Author(s): Islam MS, Wahab MA, Tanaka M
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Abstract Globally, shrimp farming has been a significant agro-based economic activity since the early 1970s. Because it offered a huge immediate economic return, shrimp farming showed a booming expansion and soon became a multimillion dollar industry. However, it has been under extreme criticism because of its devastating ecological and socio-economic impacts. Because seed is the primary input, the impact from farming has started from the source of seed supply, so that not only are natural stocks of shrimp seeds now overexploited worldwide but seed collection activities also significantly reduce stocks of other living resources. Although hatcheries were developed as potential alternative and have replaced the natural seed source to a great extent, large-scale hatchery productions provide a potential source of coastal pollution. However, this area is still poorly studied. The present paper provides a review of the environmental impacts of the wild shrimp seed fishery as well as the possibility of environmental degradation from artificial shrimp seed production in hatcheries.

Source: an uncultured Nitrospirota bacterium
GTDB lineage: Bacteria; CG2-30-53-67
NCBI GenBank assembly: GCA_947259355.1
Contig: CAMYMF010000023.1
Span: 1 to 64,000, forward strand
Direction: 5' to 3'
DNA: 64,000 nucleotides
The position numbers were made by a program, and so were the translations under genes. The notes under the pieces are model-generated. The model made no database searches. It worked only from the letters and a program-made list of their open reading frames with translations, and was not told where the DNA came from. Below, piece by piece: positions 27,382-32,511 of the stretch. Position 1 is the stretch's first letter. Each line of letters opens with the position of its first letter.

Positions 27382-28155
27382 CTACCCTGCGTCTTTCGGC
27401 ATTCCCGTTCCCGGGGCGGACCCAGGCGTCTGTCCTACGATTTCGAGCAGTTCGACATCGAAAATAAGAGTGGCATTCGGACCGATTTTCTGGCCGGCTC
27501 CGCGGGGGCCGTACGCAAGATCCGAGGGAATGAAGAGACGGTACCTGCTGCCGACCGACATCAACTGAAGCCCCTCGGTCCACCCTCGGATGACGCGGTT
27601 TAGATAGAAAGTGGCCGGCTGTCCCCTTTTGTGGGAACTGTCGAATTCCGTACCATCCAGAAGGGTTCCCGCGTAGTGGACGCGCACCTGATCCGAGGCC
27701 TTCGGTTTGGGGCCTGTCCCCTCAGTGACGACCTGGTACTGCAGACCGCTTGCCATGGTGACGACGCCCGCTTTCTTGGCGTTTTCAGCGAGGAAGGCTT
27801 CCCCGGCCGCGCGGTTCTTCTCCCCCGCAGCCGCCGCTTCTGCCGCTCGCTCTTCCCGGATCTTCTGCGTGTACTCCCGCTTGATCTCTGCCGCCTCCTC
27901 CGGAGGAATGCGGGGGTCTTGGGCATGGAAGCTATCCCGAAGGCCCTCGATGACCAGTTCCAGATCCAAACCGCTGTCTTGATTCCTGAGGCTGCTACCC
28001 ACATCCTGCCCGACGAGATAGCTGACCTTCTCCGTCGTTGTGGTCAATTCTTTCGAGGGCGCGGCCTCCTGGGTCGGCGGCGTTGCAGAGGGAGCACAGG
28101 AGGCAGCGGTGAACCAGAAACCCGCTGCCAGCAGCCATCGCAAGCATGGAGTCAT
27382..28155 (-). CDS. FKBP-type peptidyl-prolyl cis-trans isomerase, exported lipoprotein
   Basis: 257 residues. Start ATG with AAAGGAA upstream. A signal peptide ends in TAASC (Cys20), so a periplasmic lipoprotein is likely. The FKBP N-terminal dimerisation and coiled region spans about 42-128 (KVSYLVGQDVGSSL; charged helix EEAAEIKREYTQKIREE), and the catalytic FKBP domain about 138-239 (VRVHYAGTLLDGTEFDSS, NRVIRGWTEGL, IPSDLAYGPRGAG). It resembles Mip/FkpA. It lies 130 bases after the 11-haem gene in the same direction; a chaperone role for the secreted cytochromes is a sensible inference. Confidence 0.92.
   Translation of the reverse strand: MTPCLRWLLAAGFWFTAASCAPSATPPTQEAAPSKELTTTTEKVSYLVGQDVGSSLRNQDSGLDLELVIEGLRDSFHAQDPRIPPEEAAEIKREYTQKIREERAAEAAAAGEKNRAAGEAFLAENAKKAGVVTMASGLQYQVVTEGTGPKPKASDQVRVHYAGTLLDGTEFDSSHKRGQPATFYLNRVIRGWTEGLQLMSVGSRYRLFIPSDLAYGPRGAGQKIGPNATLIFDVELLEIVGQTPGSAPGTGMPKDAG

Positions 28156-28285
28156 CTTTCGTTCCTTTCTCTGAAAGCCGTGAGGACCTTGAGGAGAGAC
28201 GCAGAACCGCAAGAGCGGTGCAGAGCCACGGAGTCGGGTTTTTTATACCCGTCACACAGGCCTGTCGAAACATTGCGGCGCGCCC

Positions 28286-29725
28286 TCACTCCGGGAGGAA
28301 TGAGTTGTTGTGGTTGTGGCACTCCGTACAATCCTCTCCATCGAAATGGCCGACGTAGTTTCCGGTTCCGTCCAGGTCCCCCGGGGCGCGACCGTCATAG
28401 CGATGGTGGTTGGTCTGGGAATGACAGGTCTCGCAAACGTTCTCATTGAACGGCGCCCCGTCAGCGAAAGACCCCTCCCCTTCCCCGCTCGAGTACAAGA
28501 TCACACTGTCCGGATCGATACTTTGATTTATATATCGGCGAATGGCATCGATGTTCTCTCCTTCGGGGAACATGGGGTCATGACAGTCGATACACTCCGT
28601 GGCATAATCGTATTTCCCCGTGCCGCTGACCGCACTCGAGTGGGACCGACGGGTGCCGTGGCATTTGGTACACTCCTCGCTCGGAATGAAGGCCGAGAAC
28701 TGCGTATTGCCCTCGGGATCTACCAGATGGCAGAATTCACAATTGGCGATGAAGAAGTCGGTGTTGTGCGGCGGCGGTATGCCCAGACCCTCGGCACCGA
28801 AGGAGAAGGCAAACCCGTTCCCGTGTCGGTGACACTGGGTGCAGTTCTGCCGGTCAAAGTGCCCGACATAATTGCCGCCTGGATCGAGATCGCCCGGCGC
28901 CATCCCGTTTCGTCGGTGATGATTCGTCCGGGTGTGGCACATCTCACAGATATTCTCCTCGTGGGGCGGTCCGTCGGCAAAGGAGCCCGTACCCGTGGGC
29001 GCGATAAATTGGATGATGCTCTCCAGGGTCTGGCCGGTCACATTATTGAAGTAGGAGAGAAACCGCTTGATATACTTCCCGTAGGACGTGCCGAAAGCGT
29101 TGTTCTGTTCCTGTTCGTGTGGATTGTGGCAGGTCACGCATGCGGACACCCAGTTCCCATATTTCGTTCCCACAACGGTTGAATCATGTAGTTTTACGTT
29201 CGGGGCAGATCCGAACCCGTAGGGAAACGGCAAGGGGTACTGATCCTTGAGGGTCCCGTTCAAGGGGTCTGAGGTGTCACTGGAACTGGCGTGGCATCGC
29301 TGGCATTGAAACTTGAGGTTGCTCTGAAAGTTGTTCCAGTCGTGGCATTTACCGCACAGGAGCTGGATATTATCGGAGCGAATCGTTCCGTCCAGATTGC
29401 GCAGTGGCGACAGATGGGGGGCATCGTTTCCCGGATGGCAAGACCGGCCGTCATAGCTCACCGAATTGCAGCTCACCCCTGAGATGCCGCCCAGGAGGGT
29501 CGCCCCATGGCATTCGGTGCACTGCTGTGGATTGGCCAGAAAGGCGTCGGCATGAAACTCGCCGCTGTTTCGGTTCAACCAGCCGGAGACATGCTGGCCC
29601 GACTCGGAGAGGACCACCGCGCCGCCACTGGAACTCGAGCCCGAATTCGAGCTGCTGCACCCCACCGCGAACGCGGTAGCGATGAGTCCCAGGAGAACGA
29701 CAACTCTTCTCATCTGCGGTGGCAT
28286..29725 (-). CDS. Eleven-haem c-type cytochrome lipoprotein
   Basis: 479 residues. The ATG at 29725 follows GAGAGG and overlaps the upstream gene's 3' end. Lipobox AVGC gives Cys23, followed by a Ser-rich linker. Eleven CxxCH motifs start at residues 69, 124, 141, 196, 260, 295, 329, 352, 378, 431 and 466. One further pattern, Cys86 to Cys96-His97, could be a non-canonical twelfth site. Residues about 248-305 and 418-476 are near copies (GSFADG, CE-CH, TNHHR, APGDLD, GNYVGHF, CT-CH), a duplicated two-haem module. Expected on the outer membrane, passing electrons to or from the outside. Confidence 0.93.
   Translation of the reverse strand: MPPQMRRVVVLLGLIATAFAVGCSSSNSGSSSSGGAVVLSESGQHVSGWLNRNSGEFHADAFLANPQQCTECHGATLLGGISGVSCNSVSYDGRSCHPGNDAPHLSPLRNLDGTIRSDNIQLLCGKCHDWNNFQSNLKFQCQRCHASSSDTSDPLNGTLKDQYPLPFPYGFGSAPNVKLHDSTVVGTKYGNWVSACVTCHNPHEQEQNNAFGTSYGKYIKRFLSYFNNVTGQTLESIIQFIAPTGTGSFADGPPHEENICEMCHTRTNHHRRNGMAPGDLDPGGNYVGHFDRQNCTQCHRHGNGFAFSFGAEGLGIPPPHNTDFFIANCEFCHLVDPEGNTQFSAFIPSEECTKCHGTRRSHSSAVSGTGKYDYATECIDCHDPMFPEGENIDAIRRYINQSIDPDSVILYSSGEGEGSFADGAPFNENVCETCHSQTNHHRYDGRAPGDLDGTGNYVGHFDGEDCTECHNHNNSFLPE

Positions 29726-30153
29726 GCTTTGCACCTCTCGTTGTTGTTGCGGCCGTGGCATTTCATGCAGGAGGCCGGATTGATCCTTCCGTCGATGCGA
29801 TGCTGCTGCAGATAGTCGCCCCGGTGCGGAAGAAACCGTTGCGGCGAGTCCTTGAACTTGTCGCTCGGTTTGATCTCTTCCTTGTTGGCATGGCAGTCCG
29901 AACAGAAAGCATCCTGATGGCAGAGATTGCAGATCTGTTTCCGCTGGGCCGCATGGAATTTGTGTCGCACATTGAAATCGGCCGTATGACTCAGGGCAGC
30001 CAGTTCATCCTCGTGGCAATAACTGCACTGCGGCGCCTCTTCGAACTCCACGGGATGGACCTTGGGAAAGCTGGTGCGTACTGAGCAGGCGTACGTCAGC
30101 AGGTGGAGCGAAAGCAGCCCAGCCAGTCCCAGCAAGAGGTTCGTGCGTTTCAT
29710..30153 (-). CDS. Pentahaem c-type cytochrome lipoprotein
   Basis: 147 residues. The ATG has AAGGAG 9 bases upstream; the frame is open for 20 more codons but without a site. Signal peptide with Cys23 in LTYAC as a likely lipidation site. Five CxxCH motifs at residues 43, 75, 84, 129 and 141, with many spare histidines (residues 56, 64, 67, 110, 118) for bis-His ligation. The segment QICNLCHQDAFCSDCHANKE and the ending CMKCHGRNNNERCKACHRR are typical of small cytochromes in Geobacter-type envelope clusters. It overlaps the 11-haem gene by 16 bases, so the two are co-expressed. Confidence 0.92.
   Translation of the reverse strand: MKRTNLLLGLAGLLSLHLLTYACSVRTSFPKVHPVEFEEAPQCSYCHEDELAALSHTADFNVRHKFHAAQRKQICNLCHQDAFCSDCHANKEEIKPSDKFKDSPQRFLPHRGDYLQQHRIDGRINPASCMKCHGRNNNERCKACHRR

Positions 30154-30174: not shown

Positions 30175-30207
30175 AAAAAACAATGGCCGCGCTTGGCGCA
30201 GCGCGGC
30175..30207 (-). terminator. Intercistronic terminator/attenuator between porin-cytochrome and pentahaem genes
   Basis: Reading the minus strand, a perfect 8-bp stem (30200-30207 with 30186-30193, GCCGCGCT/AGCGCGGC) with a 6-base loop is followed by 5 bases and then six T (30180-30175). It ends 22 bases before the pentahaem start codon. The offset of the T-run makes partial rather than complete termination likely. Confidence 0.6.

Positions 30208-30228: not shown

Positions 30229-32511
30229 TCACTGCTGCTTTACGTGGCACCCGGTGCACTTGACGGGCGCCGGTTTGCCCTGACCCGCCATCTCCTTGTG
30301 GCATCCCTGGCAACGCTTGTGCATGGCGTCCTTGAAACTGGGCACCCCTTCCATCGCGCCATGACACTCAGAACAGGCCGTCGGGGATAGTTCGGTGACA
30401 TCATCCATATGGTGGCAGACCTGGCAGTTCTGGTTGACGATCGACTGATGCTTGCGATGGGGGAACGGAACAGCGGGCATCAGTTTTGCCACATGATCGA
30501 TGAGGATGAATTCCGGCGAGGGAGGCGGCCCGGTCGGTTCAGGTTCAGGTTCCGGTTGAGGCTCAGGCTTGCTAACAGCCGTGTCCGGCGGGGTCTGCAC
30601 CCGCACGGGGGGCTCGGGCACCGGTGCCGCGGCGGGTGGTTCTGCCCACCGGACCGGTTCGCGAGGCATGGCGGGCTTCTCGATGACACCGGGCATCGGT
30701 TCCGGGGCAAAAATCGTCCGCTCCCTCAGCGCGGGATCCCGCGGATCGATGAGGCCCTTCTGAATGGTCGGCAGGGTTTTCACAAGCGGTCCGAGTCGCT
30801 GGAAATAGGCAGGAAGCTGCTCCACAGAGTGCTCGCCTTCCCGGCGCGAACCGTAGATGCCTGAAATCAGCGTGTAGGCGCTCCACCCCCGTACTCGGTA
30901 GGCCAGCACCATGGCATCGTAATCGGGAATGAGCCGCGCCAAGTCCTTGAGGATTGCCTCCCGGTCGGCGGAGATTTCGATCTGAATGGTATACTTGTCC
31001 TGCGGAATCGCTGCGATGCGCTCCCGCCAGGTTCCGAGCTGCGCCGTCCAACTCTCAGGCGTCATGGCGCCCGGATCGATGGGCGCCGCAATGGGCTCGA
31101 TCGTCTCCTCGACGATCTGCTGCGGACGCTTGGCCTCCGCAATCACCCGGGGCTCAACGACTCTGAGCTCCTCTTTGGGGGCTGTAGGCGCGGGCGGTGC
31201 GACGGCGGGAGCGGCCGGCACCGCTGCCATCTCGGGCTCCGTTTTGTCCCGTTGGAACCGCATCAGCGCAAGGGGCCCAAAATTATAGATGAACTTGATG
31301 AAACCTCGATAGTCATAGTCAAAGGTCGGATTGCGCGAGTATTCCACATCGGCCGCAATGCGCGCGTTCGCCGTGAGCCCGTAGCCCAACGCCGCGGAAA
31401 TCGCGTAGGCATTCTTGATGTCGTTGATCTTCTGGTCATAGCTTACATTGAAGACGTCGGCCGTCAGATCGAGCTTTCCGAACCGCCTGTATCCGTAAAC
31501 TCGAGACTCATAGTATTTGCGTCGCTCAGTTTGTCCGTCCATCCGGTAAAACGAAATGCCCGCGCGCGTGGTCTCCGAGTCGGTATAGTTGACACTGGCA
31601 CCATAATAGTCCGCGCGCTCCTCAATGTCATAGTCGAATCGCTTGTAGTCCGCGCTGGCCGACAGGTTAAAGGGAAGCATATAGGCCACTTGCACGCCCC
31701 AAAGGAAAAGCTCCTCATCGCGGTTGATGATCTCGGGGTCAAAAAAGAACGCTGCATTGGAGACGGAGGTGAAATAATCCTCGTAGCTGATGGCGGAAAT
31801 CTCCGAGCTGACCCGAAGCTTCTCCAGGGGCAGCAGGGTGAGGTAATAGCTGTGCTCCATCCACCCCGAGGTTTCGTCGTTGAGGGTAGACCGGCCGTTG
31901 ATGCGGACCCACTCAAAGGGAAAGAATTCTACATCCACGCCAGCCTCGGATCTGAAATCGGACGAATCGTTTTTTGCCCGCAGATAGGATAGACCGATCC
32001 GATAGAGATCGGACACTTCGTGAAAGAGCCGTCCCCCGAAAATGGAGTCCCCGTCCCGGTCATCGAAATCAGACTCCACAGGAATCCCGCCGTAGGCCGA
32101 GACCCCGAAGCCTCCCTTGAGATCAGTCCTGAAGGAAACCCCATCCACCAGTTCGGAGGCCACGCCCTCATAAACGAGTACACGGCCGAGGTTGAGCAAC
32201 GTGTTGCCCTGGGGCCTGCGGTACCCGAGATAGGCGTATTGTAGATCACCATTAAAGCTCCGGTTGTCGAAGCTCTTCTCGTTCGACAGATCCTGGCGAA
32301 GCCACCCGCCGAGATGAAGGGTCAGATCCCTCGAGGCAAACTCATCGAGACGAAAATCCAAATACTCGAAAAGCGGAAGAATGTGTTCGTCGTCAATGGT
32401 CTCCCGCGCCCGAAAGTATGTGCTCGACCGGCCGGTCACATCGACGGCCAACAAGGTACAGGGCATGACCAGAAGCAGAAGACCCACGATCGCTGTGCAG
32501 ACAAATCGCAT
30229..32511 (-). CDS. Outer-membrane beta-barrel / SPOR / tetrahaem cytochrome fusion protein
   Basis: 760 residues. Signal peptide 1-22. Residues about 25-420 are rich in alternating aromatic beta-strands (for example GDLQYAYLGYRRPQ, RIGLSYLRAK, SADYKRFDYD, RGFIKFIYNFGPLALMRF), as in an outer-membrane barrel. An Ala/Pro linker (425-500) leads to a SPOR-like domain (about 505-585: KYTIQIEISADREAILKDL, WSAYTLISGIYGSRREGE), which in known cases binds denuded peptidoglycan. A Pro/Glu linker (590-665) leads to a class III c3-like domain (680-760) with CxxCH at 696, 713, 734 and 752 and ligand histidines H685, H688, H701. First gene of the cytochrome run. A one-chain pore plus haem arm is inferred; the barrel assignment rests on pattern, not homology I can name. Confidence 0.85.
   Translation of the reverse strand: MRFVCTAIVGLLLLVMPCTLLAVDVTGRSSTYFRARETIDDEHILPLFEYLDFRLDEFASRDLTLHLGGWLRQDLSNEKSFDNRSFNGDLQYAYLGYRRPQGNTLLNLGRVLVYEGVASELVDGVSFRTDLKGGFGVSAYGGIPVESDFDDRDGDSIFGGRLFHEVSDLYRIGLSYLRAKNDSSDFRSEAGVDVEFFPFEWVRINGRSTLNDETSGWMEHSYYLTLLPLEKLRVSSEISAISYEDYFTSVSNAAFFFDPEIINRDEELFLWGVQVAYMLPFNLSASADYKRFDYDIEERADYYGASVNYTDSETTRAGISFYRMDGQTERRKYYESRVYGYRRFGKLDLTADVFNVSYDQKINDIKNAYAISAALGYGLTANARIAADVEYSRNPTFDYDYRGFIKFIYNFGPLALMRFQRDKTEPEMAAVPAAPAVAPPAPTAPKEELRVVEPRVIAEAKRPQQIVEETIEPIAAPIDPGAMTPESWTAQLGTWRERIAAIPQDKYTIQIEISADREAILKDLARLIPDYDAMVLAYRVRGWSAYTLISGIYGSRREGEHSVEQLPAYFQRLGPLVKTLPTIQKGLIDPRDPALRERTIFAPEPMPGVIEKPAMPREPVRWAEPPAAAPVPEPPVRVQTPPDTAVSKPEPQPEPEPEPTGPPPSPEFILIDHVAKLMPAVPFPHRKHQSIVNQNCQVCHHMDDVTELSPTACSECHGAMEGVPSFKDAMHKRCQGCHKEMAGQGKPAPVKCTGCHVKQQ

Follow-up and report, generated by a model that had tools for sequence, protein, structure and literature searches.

This article was published in Mar Pollut Bull
and referenced in Journal of Aquaculture Research & Development